There are 3,890 wild tigers left in the wild. Like Indigenous communities around the world, or 60% – 80% of the world’s languages, they are on the verge of disappearing. In the US, on the other hand, there are over 5,000 tigers in captivity. That is the post-colonial tiger: it has been commodified, extracted, and tamed to the point of extinction. As under colonialism, this process satisfies desires for economic profit, but it also satisfies dreams of omnipotence to which Curzon was perhaps no stranger. If post-colonialism has only refined colonial strategies of wealth production and resource exploitation, it has expanded the reach of its fantasies and myths too. In the postcolonial world, even a farmboy from Kansas can become, not just the viceroy of tigers, but the Tiger King.
Above all, the fetish of desecrated and conquered flesh remains unabated. Money as fetish, as Marx observed, lies at the heart of capitalism. But his argument remains too abstract. The fetish, understood as a perverse desire for erotic objects to satisfy an unquenchable thirst, was an important colonial myth. It held the ‘hierarchy of theological possessions’ well and truly in place, by insisting on the idolatry, and therefore, it was thought, the falsity or ignorance of other beliefs. But more than this, it seems to me, the notion of the fetish was largely a projection by colonial anthropologists and missionaries—a displacement onto others of erotic and political insecurities that were theirs and theirs alone. Colonialism showed, and postcolonialism still shows, that those desires were at the heart of the colonial process and took material forms. It was they whose hunger sought constant and unavailing satisfaction in the possession and abjection of objects and of people as objects made flesh. It was they who needed to craft constant displays of mastery, control and objectification of things, animals and people. Witness Curzon’s tiger fetish. Methinks he doth protest too much.
Postcolonialism is like a hall of funhouse mirrors: distorted and multiplied reflections of some lost original, that nevertheless reproduces its exploitative and fetishistic desires for the mastery of the exotic. There are tiger kings everywhere. They patrol smaller domains than Curzon—perhaps—but they are larger than life and much, much more numerous.
What would it take to decolonize the tiger? Preserve its habitat, no doubt; stop the poachers who trade in live and dead tigers; protect the economic livelihoods of local communities; ban the big game hunting business, another one of those postcolonial distortions which attempts to fund the preservation of species by charging American businessmen extortionate fees to kill them. With friends like these, who needs enemies? Decolonization must mean more than a protection racket, surely. It requires us to do more than create reservations and reserves and museums in order to shelter the primitive from the modern. This is just another form of the fetish of the immobilized and passive victim. We will have to return not just life but power and voice to the colonized. That means different things in different places and amongst different communities. But a decolonized tiger?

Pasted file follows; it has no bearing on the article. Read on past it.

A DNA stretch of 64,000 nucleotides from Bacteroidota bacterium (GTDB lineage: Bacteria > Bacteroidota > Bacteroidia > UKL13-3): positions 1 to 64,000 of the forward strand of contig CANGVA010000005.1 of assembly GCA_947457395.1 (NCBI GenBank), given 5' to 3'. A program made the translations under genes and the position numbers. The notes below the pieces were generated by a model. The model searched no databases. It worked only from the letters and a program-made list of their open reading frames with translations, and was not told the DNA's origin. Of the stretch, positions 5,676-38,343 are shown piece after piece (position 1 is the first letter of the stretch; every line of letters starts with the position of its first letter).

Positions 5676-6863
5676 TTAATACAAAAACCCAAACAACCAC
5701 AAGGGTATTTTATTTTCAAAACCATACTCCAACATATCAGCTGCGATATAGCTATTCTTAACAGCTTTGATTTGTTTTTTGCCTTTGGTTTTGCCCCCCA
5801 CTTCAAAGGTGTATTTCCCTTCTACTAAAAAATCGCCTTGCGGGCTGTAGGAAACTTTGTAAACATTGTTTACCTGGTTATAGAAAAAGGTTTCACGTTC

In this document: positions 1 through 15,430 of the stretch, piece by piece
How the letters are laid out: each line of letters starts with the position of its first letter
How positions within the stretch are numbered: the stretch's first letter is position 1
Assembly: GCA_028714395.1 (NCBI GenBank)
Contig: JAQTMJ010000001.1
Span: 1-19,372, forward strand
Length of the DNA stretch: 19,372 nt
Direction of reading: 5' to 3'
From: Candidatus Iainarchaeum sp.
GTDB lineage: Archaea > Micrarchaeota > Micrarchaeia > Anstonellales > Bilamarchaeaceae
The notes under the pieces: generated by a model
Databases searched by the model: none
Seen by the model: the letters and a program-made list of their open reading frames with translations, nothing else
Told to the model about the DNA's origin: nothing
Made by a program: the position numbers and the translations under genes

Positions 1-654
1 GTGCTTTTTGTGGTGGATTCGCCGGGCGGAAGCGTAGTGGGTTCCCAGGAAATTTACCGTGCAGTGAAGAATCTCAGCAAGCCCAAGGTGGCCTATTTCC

In certain national parks in India and Bangladesh, I have read, tiger populations are on the rise. Poaching has ceased because the park lets the tigers do the policing. They patrol the territory, and they punish the intruders. It is an effective strategy. One might say that it gives back to the tigers some of the proprietary custodianship of the land they have lost. More crudely, it inverts the power dynamics of the hunter and the hunted. At the same time, it situates the tiger within a broader framework in which the fate of communities and eco-systems around the world are seen as connected. Our legal sense of rights and responsibilities has been relentlessly anthropocentric. Such a narrow focus served colonialism well but is coming under increasing scrutiny. The development of new ways of thinking of our relationship to the natural world can be seen in scholars from Chris Stone to Margaret Davies, Korsgaard, Kurki, Leimbacher and Rios, in legal documents from the Paris Agreement or the Environment Protection and Biodiversity Act (Australia) to the Bolivian Constitution, and not least in ethical principles of environmental and global stewardship that form the basis of Indigenous legal systems around the world. We have begun to articulate a vision of responsibility that affords dignity and agency to animals, natural objects, and eco-systems. We can acknowledge the connection between problems of social inequality, exploitation and commodification, and environmental collapse; and between the crises faced by Pacific Islanders, Amazonian Indians, and the working poor, be they in India, Nigeria, or the US. We should recognize the role that colonial practices, myths, and representations have played in enabling and perpetuating those structures of injustice and domination. That would look like decolonization, not just to a tiger but to all of us.
Desmond Manderson is professor at the College of Law, Australian National University, and a friend of IPCS.